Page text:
George Herbert Mead
A pioneer of the symbolic interactionist perspective in sociology, American sociology George Herbert Mead is largely associated with the pragmatist tradition of philosophy.
“THE “I” IS THE RESPONSE OF THE ORGANISM TO THE ATTITUDES OF THE OTHERS; THE “ME” IS THE ORGANIZED SET OF ATTITUDES OF OTHERS WHICH ONE HIMSELF ASSUMES” (Mead, 1934, p. 175).
In one of his most seminal works, Mead theorizes that an individual’s self is made up of two distinct parts – the “I” and the “me”. The “me” part of our self emerges when we consider ourselves as an object – a product of social interactions. The “I”, on the other hand, is the individual component of the self which reacts to the “me”. The “I” occurs in the present moment of any social interaction, acts creatively or variedly based on the situation they are presented with, all within the context of the “me”. So while the “me” is socialized, the “I” is what helps us analyze the “me” and respond to immediate social situations. For example, when one is born, they are assigned a gender and are expected to adhere to the norms and roles of that particular gender, – man or woman. Considering some toxic ideals of masculinity, crying or showing intense emotions except anger are considered symbols of weakness for boys and men, and they are socialized practically from birth into being stoic. In patriarchal societies, therefore, men learn not to emote their feelings which constitutes their “me”. Now suppose a man socialized into this “me” fractures his leg during a football match and is in immense pain. The immediate response of the “I” would be stop the man from crying or from the pain because the “me” has learned that it is a sign of weakness.
James S. Coleman
American sociologist James S. Coleman was best known for his work in theories of exchange and daily social interaction.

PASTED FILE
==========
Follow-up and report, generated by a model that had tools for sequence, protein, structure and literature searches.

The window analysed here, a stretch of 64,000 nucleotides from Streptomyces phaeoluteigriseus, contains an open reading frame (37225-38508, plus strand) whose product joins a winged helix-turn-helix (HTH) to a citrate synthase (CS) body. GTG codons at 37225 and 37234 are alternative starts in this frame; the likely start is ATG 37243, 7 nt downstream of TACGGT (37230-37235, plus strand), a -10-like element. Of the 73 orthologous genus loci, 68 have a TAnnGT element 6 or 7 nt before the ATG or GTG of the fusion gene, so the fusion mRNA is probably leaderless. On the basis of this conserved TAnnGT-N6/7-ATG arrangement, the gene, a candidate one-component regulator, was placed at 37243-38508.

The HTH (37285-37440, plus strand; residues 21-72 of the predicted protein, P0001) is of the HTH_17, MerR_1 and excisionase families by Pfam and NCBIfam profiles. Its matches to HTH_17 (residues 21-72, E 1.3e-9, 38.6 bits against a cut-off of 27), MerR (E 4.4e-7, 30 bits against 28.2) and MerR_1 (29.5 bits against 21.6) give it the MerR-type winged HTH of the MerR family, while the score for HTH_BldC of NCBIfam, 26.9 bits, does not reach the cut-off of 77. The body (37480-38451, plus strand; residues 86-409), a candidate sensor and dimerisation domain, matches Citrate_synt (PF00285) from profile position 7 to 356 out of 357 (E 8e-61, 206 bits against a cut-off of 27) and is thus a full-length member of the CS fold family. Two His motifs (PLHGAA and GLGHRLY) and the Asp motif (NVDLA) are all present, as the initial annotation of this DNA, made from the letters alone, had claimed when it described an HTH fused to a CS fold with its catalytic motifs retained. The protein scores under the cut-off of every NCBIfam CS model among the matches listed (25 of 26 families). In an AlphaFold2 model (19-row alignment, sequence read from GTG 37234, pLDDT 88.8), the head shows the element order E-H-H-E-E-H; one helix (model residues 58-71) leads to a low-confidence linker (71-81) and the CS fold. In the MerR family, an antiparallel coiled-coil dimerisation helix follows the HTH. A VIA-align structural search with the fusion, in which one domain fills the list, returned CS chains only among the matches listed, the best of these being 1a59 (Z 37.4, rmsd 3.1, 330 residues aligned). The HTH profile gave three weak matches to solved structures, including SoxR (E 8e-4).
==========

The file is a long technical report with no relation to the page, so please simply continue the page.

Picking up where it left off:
“IF A DOES SOMETHING FOR B AND TRUSTS B TO RECIPROCATE IN THE FUTURE, THIS ESTABLISHES AN EXPECTATION IN A AND AN OBLIGATION ON THE PART OF B. THIS OBLIGATION CAN BE CONCEIVED AS A CREDIT SLIP HELD BY A FOR PERFORMANCE BY B” (Coleman, 1988).
For Coleman, the value of social capital lies in its capacity as a tool that can help people gain something for their own interests and realize their goals. The quote is simultaneously simple and significant, as we can see examples of this in our daily lives all the time. Social interactions, as Coleman says, are based on equal exchange: one person helps another, which creates the expectation and obligation for the other to help them back or repay them equally in the future. For example, consider that you helped your friend in a major way with one of their assignments, for which the submission deadline was very near and there was a lot of work to do. Despite saying that “friends always help each other out,” by helping your friend in such a manner, you have, therefore, created an obligation for your friend to help you back in a similar critical situation later on when you need it. At the same time, regardless of how much you helped them out of the goodness of your heart, an expectation is automatically established in you, which will manifest later as “I helped that friend that one time, they should help me now” when you are in urgent need of help.
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Bourdieu, P. (1986). The forms of capital. In J. G. Richardson (Ed.), Handbook of Theory and Research for the Sociology of Education (pp. 241–258). Greenwood Press.
Coleman, J. S. (1988). Social capital in the creation of human capital. American Journal of Sociology, 94, S95–S120. https://www.jstor.org/stable/2780243?seq=8#metadata_info_tab_contents
Durkheim, E. (2013). Mechanical solidarity. In G. Simpson (Trans.), The Division of Labor in Society. The Free Press.
Foucault, M. (1995). Discipline and Punish: The Birth of the Prison. Vintage Books, Random House, Inc. https://monoskop.org/images/4/43/Foucault_Michel_Discipline_and_Punish_The_Birth_of_the_Prison_1977_1995.pdf
Gilman, C. P. (1898). Women and Economics. In digital.library.upenn.edu. Small, Maynard & Co. https://digital.library.upenn.edu/women/gilman/economics/economics.html
Goffman, E. (1956). The presentation of self in everyday life. University of Edinburgh, Social Sciences Research Centre. https://monoskop.org/images/1/19/Goffman_Erving_The_Presentation_of_Self_in_Everyday_Life.pdf
Landvatter, R. (2013). I am what I think you think I am. Utah State University; All Graduate Plan B and other Reports. https://digitalcommons.usu.edu/gradreports/328/
Marcuse, H. (1964). The new forms of control. In One-Dimensional Man: Studies in the Ideology of Advanced Industrial Society (pp. 11–20). Marxists Internet Archive. https://www.marxists.org/ebooks/marcuse/one-dimensional-man.pdf
Mead, G. H. (1934). The self: The “I” and the “me.” In C. W. Morris (Ed.), Mind Self and Society from the Standpoint of a Social Behaviorist (pp. 173–178). University of Chicago. https://brocku.ca/MeadProject/Mead/pubs2/mindself/Mead_1934_22.html
Merton, R. K. (1968). Manifest and latent functions. In Social Theory and Social Structure. The Free Press